“Enjoy the show—if you can,” the director himself warned the audience. Hinabing Pakpak ng Ating mga Anak is a painful storytelling of the lives of the most vulnerable yet most abused members of society. Through children’s stories penned by the late Rene Villanueva, Anton Juan Jr. conceptualizes, writes, and directs the very first play of Dulaang UP on its 33rd season and UP’s centennial year.
I love how this play transformed innocent tales into a woven blanket of tragedies. But I also appreciate all the careful details. Like the simple game of making a plastic bag float in mid-air by blowing under it, which became a ritual of children trying to make dreams take flight. Or the use of tiny flashlights, which danced like stars in the darkness that children fear. Or the minimalist stage design composed only of two things: a round platform on the left and a ramp on the right, which the children spring from and sink into.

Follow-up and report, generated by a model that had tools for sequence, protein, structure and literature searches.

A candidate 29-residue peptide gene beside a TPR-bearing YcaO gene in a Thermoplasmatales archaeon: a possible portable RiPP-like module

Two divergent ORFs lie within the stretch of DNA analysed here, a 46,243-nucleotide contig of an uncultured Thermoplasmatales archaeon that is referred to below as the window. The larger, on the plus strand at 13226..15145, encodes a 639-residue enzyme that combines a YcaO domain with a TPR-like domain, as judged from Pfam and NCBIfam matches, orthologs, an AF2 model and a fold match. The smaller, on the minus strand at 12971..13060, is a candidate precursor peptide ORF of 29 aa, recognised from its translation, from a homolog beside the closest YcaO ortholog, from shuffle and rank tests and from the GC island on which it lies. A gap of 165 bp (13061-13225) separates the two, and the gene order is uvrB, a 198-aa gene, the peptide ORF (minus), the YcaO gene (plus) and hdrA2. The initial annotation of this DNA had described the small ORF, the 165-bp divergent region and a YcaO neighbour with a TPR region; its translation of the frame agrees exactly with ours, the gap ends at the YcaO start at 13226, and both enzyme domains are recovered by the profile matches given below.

Most of all, I love the exchange of questions between the dark (Earl Ignacio) and the light (Joel Saracho) writer personas. How heavy is metal? Is it as heavy as a baby floating dead in the river? Where can we find hope? Is it in continuing to do what we are doing? If we write to give hope and fight for change, is it enough? Is it ever enough?
Hinabing Pakpak ng Ating mga Anak opened on July 16 and will run until August 10. Watch the lovely trailer here.